It is in this sense that, as I said above, Music Made in Heaven is about Sefer Tehilim, although Sefer Tehilim is hardly mentioned. We will reach certain conclusions about the nature of Sefer Shmuel. Once we have established that, we will suggest that, by its own nature, Sefer Tehilim has no place there. We will arrive at conclusions about Sefer Tehilim that grow out of its incompatibility with Sefer Shmuel.

I hope this short explanation has not discouraged you from reading on. As I said before, by the time you get to the final chapter, all will be clear.

Since Sefer Tehilim really comes up short in this book, I want to use the rest of this introduction to share some thoughts with you about Dovid in his capacity as the sweet singer of Israel’s songs (II Shmuel 23:1).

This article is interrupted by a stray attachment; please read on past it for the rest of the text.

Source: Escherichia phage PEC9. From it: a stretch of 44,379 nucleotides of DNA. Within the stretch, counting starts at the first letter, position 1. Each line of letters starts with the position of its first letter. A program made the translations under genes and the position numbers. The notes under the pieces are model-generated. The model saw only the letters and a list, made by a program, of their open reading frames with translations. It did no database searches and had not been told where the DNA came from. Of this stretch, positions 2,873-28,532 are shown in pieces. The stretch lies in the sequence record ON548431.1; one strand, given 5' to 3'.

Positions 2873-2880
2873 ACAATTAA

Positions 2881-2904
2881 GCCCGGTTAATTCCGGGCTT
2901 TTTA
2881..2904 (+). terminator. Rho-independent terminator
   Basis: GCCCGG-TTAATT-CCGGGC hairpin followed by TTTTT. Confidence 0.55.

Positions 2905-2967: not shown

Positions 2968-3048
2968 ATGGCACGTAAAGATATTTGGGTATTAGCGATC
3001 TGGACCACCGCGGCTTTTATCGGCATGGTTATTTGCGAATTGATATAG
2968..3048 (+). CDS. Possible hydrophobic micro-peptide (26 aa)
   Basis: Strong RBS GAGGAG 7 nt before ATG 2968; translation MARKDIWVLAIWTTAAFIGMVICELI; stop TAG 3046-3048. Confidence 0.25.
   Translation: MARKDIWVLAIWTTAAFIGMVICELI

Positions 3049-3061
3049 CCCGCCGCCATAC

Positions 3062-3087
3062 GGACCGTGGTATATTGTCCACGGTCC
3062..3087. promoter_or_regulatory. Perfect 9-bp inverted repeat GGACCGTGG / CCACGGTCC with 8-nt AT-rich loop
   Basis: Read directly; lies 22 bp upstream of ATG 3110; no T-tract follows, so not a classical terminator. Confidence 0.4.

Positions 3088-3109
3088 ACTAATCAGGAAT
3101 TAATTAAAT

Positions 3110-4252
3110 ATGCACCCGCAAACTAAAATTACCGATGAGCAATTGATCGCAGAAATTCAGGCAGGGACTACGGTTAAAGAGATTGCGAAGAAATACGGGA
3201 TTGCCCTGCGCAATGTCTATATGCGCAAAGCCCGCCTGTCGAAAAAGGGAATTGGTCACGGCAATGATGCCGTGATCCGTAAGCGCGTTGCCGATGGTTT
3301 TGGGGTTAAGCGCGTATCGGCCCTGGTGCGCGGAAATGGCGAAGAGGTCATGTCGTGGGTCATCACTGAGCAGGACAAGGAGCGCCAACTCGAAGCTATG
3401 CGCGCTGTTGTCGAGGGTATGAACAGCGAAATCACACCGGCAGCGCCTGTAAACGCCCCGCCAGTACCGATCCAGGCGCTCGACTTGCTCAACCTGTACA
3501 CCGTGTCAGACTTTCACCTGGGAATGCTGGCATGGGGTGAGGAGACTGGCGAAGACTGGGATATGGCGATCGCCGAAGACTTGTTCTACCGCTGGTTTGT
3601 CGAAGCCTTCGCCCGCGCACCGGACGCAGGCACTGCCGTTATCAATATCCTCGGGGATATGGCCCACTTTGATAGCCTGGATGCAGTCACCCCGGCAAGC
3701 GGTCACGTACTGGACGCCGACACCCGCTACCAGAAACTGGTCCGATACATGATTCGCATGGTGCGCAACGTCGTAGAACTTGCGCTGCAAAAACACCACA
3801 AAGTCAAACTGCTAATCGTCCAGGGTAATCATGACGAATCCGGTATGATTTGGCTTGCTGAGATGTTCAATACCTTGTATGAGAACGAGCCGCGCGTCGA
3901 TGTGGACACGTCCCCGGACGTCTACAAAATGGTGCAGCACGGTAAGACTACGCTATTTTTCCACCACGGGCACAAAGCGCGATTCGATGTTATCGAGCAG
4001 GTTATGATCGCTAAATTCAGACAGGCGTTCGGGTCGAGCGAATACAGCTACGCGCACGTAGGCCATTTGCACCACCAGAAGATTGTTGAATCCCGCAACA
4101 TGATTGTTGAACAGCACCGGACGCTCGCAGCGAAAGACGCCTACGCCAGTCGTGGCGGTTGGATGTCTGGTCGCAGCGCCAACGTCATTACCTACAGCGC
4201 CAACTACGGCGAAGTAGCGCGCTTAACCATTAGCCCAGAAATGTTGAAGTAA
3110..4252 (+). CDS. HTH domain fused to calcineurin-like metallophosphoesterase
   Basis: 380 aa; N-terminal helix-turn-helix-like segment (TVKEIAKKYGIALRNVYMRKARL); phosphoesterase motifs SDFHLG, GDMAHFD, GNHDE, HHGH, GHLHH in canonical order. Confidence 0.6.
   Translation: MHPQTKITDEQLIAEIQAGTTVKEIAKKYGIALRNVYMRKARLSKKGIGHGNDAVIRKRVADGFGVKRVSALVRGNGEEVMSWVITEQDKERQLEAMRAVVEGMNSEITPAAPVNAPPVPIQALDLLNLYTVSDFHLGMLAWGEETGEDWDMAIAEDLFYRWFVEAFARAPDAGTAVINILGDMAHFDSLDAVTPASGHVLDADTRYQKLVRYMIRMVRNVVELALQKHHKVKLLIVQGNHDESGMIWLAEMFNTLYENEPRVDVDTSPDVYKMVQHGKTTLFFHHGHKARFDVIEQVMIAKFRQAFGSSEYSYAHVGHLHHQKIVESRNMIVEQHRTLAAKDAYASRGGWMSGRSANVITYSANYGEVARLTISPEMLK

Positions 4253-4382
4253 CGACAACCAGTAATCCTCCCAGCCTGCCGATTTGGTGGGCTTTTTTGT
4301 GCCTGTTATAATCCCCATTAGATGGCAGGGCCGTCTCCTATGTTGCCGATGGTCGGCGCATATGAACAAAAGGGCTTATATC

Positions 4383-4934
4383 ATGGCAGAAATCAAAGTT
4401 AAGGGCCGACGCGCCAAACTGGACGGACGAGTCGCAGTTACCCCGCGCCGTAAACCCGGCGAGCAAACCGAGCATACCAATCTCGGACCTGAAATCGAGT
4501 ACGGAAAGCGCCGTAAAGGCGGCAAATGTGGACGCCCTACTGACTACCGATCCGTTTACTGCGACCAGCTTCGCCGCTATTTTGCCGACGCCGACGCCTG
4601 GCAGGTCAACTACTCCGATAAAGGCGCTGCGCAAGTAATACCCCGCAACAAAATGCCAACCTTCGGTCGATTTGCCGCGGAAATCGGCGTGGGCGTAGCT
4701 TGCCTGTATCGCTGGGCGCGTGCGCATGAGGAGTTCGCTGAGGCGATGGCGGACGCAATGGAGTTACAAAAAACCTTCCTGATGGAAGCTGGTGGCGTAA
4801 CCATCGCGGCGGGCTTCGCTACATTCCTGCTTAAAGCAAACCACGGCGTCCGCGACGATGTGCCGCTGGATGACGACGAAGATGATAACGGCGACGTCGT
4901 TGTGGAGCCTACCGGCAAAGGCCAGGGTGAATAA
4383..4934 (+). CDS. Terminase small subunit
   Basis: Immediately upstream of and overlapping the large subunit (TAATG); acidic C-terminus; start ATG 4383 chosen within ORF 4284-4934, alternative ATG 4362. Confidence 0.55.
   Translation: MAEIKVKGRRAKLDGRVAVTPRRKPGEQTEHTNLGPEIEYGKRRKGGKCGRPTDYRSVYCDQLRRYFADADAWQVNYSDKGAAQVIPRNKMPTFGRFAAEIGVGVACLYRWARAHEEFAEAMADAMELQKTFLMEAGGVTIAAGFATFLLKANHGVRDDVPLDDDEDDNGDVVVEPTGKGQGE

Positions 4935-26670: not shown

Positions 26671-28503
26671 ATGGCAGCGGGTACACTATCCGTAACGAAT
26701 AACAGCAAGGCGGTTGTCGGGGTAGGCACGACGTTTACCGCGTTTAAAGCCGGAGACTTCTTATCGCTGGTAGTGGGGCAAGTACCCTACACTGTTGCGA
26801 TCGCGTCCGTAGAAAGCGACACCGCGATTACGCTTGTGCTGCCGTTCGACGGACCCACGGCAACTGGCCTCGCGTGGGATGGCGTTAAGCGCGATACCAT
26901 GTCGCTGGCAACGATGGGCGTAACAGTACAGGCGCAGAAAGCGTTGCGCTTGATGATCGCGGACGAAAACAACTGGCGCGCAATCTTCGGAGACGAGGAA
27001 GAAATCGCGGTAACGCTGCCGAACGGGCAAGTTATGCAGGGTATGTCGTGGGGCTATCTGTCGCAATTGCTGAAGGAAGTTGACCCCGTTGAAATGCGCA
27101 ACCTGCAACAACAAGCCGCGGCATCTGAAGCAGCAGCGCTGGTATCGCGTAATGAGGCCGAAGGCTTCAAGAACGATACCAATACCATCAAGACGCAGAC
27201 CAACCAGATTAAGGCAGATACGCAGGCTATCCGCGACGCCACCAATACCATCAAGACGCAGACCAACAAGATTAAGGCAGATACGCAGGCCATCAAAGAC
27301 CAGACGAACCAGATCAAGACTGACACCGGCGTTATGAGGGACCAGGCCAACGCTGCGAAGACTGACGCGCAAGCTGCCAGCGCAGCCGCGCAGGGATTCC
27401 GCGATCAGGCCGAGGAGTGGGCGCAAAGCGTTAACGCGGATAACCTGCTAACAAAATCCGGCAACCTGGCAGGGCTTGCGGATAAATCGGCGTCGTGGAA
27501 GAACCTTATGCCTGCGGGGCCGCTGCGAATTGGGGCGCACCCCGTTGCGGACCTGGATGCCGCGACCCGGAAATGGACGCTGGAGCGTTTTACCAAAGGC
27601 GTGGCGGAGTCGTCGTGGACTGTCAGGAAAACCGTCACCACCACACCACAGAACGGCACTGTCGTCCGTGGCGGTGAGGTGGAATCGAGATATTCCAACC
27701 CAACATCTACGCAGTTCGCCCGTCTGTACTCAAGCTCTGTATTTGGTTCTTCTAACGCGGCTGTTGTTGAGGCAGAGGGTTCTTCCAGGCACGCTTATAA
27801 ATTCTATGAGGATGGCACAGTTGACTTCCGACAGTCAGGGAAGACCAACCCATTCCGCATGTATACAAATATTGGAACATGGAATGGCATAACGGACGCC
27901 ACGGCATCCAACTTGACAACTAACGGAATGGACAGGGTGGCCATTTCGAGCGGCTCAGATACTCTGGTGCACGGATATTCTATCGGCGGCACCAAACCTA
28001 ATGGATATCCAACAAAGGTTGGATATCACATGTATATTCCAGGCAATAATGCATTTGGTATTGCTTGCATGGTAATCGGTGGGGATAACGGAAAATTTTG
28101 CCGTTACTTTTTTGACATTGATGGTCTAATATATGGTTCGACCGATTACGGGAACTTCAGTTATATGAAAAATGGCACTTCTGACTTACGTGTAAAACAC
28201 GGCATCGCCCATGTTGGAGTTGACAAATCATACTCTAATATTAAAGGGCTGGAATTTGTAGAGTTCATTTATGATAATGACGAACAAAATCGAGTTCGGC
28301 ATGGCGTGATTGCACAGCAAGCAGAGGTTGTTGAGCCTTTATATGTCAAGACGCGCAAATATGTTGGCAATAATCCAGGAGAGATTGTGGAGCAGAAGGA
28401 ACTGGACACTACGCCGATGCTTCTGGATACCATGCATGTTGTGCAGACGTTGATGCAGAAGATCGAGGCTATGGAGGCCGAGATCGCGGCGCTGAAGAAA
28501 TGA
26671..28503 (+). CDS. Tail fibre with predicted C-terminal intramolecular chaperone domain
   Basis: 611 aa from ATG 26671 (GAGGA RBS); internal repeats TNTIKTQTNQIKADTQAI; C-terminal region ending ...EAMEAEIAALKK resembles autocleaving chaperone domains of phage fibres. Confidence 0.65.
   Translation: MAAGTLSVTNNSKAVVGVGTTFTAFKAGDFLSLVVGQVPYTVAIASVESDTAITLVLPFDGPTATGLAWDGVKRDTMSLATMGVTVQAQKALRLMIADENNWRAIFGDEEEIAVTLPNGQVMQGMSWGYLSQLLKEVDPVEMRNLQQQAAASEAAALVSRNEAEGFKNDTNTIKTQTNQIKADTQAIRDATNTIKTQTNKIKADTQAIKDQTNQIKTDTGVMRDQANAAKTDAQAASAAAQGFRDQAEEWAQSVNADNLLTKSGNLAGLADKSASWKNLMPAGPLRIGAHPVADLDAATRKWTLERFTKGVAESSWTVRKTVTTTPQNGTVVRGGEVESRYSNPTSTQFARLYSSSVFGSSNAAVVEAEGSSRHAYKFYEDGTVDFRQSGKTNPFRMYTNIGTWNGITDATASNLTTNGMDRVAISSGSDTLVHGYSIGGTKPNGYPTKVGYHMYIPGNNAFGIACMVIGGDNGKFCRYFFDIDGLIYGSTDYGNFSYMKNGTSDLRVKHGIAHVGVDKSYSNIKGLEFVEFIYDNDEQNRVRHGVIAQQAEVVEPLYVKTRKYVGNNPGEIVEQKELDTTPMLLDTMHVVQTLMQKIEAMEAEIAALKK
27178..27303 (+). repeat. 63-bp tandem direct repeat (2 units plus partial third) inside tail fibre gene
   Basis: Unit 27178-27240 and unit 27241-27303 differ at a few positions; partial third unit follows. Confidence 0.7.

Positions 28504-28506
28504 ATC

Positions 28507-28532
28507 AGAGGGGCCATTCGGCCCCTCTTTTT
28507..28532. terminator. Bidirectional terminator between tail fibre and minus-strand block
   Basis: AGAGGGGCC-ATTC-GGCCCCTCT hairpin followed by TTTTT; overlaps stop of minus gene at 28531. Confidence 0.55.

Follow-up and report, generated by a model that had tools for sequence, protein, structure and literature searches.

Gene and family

(Tehilim 57:9)

At II Shmuel 23:1 Dovid introduces himself as the one who lends sweetness to Israel’s songs. The compositions that make up Sefer Tehilim apparently have a very special sweetness to them. Let us see whether we can trace the source of this unusual characterization.

Rav Ashi taught, “Until midnight Dovid would immerse himself in Torah studies.

From midnight onwards he busied himself with songs and praises.” (Berachos 3b)

Dovid slept very little. He seems to have taken occasional catnaps during the day—never more than sixty breaths at a time—but that would end with nightfall. The night was to be dedicated to Torah and Tehilim. The change from the one to the other took place at midnight, as the Gemara quoted above makes clear.

The Gemara wonders how Dovid would know that midnight had arrived and that it was time to enter the world of song. Here is the answer: